A Conversation About Communications

Posted on 2023-09-05
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[MB] I’ve been browsing the communication guides on CORAC and I’m sure those are going to be helpful too. I’d like to buy a radio while I’m studying for a license, because I think having one in front of me to tinker with simultaneously would make understand everything easier. I see guides on a BaoFeng and Tecsun on the CORAC website. Any thoughts on these items or other radios anyone would recommend? I believe the closest repeater to me is on Palomar Mt, though there are a couple listed as just “Escondido” in my area.

[TW] My recommendation is Yaesu Ft-60r; IMHO it is way better radio than Baofeng, sturdy, easier to program been around for long time.

Ham Radio Outlet (there’s one in San Diego), DX Engineering, Gigaparts are all reputable vendors.

[JP] I am so utterly disappointed that CORAC continues to recommend the purchase of Chinese-made radios.

The Chinese Communist Party is our mortal enemy. Their human rights record is deplorable; they are rabidly anti-American, anti-Catholic, anti-religion. They oppose everything we stand for. We should not encourage people to patronize them; instead we should boycott them. Every sale they make takes a sale away from Icom, Yaesu, Kenwood and Alinco who really need our business.

The use of political prisoner slave laborer helps reduce their cost profile. And it wouldn’t surprise me to learn that these radios were being sold at prices below the (already low) cost of production in order to drive legitimate manufacturers out of business.

I tell you, it will be a sad day for Ham radio when the Chinese succeed in driving Icom, Yeasu, Kenwood, and Alinco from the market. Then, you will be at their mercy, having Baofeng and nothing else.

I suppose the issue of quality may still be up for debate; but I have at least one confirmed case on CORAC; namely inability to program the radio. And I’ve seen and heard enough elsewhere to arouse a healthy skepticism of the Chinese Brands.

Examples of defects reported:  

  • Inability to change settings from the front panel
  • Inability to change settings using a computer, programming cable and CHIRP
  • Defective firmware
  • Firmware updates are possible only with Windows, leaving Mac, Linux and others out in the cold.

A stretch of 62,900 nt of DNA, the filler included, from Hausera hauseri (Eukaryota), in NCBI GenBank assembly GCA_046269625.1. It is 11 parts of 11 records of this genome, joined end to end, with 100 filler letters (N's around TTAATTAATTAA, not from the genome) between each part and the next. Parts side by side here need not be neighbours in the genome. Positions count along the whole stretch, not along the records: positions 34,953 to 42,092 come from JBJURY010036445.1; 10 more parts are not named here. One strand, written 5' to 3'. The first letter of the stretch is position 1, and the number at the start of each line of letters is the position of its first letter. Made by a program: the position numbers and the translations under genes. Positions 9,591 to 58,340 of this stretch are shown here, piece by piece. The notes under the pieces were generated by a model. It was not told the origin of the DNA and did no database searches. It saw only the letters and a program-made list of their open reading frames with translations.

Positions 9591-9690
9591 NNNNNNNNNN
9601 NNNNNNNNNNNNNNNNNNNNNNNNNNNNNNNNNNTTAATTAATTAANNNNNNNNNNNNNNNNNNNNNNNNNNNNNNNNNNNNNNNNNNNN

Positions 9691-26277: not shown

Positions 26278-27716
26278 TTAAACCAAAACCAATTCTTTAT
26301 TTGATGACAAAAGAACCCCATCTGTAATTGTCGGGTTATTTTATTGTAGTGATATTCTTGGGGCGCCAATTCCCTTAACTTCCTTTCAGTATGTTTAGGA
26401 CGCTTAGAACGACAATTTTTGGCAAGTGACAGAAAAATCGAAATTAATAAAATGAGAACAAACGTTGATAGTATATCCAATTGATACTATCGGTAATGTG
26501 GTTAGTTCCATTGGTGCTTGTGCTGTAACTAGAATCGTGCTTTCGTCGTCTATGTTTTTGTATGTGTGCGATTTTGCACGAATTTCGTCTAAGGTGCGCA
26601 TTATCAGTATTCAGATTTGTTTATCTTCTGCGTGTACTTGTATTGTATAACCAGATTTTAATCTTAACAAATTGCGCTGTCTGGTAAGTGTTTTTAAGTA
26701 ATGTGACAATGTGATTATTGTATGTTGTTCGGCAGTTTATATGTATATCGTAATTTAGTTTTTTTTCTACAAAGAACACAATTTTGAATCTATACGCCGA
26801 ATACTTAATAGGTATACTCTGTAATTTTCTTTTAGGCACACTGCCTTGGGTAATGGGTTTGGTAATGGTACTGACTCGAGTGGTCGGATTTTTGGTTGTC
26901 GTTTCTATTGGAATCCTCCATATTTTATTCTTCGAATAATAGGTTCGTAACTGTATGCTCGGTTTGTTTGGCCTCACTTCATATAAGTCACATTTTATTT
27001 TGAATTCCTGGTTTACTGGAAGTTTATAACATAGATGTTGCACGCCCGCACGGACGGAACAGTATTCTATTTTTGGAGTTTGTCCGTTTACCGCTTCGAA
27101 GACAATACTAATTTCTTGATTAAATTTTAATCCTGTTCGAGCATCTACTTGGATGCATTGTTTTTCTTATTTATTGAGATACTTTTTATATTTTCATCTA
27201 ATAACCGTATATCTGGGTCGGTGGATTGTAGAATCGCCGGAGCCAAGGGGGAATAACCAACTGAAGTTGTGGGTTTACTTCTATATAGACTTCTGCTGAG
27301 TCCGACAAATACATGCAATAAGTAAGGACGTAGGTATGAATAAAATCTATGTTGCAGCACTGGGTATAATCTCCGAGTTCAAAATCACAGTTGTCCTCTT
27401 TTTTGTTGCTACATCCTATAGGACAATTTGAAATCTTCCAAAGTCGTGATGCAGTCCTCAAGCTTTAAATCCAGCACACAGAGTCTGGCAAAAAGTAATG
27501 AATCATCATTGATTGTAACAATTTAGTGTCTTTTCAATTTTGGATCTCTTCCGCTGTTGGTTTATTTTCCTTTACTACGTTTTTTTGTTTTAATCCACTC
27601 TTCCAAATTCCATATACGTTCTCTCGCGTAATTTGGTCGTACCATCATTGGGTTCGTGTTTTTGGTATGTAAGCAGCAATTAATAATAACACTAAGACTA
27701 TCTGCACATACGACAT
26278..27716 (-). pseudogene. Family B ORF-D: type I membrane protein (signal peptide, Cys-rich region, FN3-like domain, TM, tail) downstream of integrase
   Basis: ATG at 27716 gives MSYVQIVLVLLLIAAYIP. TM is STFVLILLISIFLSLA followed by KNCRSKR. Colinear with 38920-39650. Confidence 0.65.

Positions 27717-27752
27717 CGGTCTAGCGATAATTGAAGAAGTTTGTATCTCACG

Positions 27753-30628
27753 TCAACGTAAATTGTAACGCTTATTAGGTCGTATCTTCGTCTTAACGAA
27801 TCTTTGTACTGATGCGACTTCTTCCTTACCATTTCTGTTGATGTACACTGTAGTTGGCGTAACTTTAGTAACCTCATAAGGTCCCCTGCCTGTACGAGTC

• Receiver overload
  • Transmit out of band

And FWIW, no matter how poor I become, I won’t ever buy one — on principle.

Do an internet search on BRICS. This is an organization of countries who seek to destroy the U.S. economy.  Guess what the “C” of BRICS stands for?

Choose well.

[SB] Assuming you are asking about ham radios in VHF/UHF (aka “dual band” radios which would be used to access repeaters and speak to others in “line of sight range” i.e. within a 0-100 mile radius depending on how high your antenna is – what I am about to say is about all that, and not about HF / cross-country / international radio setups).

Based on my direct personal experience I can only recommend the Kenwood TM-V71A which is sadly discontinued, though most of them that you’d find on eBay or somesuch are likely in great condition I’m not sure I’d recommend buying from a random eBay seller unless it’s advertised as new or like new (you do still see those occasionally) and the seller has a high rating. (If anyone has any questions about this radio please don’t hesitate to ask me, I have  put in a lot of hours on them and own many.)
The closest currently available model would be the Icom IC-2730A I believe, but I don’t have any personal experience with it. 
In general I would choose a Kenwood, Icom, or Alinco in that order. (I know what I’m about to say will start a flame war, but so be it) I would stay away from Yaesu (too many quality control issues I’ve seen in my own family’s and others’ Yaesu radios over the years), but they are very popular and certainly “local support” for them is likely to be good (lots of people in the US use them and are therefore able to help you with them). Like John, I would explicitly recommend against any of the lower-quality RadioOddity, Bridgecom, AnyTone, Baofeng, Quasheng, Wouxon, PowerWerx, etc. radios. If the “don’t support China” argument isn’t convincing to you, I can tell you (as someone whose career is in software design) they are quite frequently hard to learn to use, particularly for the less technically inclined, due to the poor interface design, fragmented market (many different firmware versions, many different brands), poorly written documentation, and buggy firmware. They allow you to get yourself into situations a well-designed radio would not, and then it’s on you (the inexperienced user) to get yourself unstuck.
The one exception (as far as build quality) I have heard about is Hytera (this is a high-end electronics manufacturer in China, and I understand their hardware is well-built), but I don’t have any personal experience with those and I don’t know how good their interface design / documentation / level of support is.
If you are on a budget but still want a mobile radio you could look at single-band (2m i.e. VHF) radios. In some areas of the country that is what most people use and you don’t need the second band (70cm i.e. UHF). But having dual-band capability is an advantage in some situations and if you are serious about getting into ham radio I think it is a wise upfront investment to have both bands in hand.


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